Blacklisting scandal is back on the agenda, and 1000s could finally see justice

Blacklist Support Group protest at Laing O'Rourke City of London Cheesgrater site on National Day of Action against Blacklisting 20-11-13 They briefly blocked Leadenhall street.

The Information Commissioner’s Office (ICO) announced it has re-opened its files on the blacklisting of workers. While this news is to be welcomed, questions remain over how far the ICO will extend its review – and how many of those who had their livelihoods destroyed by blacklisting might be compensated for it. Let’s recap…

The Consulting Association specialised in blacklisting – whereby people were denied work because of their politics or union activism. Companies subscribed to its list, in order to vet workers when they applied for jobs. The ICO raided the Consulting Association in 2009, but only a third of the companies subscribing to it were subsequently issued with disclosure (enforcement) orders. It is also understood that thousands of files held by the Consulting Association went missing (see below).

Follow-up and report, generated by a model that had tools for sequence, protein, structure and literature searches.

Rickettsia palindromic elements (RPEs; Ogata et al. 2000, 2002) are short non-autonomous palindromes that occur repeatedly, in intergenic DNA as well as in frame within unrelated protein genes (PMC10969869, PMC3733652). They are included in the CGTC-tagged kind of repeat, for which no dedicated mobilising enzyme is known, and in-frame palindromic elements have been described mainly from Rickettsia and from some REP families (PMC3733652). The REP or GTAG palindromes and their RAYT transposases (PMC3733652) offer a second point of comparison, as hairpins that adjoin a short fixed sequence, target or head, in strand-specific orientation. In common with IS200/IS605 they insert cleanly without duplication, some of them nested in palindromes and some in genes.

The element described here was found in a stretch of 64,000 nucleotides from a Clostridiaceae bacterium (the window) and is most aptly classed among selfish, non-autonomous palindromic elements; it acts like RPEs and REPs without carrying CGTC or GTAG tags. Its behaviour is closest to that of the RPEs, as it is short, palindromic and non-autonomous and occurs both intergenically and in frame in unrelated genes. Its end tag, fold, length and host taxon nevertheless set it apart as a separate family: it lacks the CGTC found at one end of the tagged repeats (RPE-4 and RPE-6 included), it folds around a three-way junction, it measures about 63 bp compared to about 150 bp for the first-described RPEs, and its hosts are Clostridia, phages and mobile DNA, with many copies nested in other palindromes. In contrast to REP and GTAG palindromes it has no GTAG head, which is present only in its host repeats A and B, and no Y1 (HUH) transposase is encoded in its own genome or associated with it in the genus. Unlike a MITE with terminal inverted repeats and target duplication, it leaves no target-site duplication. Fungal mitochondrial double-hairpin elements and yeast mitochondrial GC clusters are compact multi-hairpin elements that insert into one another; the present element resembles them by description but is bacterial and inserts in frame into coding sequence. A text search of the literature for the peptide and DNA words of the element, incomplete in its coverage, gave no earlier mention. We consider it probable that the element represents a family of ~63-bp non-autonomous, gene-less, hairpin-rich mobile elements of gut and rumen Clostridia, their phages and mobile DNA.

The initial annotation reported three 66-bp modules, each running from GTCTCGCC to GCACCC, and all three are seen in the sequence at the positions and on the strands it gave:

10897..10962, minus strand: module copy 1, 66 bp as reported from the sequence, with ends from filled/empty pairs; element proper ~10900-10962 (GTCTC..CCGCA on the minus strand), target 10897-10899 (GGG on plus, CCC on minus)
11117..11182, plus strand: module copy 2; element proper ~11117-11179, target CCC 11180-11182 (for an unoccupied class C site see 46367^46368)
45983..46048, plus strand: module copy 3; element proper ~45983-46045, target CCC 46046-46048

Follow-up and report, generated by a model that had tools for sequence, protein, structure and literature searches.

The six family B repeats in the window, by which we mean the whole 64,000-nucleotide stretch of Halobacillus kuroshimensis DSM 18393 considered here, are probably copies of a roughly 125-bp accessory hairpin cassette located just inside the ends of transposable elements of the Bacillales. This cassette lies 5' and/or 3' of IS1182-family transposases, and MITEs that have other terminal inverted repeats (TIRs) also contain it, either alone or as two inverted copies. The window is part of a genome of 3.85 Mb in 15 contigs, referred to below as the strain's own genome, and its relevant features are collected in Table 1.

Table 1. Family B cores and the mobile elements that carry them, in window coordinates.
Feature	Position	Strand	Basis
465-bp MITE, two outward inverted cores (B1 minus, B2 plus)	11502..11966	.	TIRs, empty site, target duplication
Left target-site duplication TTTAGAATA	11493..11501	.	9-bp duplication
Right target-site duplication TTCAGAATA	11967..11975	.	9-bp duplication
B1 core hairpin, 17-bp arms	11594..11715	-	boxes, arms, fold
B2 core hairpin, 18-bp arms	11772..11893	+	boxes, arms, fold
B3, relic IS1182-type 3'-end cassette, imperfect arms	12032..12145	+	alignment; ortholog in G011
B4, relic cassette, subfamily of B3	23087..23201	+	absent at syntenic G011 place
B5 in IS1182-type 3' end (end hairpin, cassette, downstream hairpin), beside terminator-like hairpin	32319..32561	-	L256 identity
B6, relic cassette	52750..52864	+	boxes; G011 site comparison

And there is also a much bigger cache – compiled by an organisation that spent 70 years blacklisting not just construction workers but workers of all trades.

This article examines historical cases of widespread blacklisting that need investigating. A follow-up article on the work of vetting agencies today will be published in due course.

For more on this, click here.

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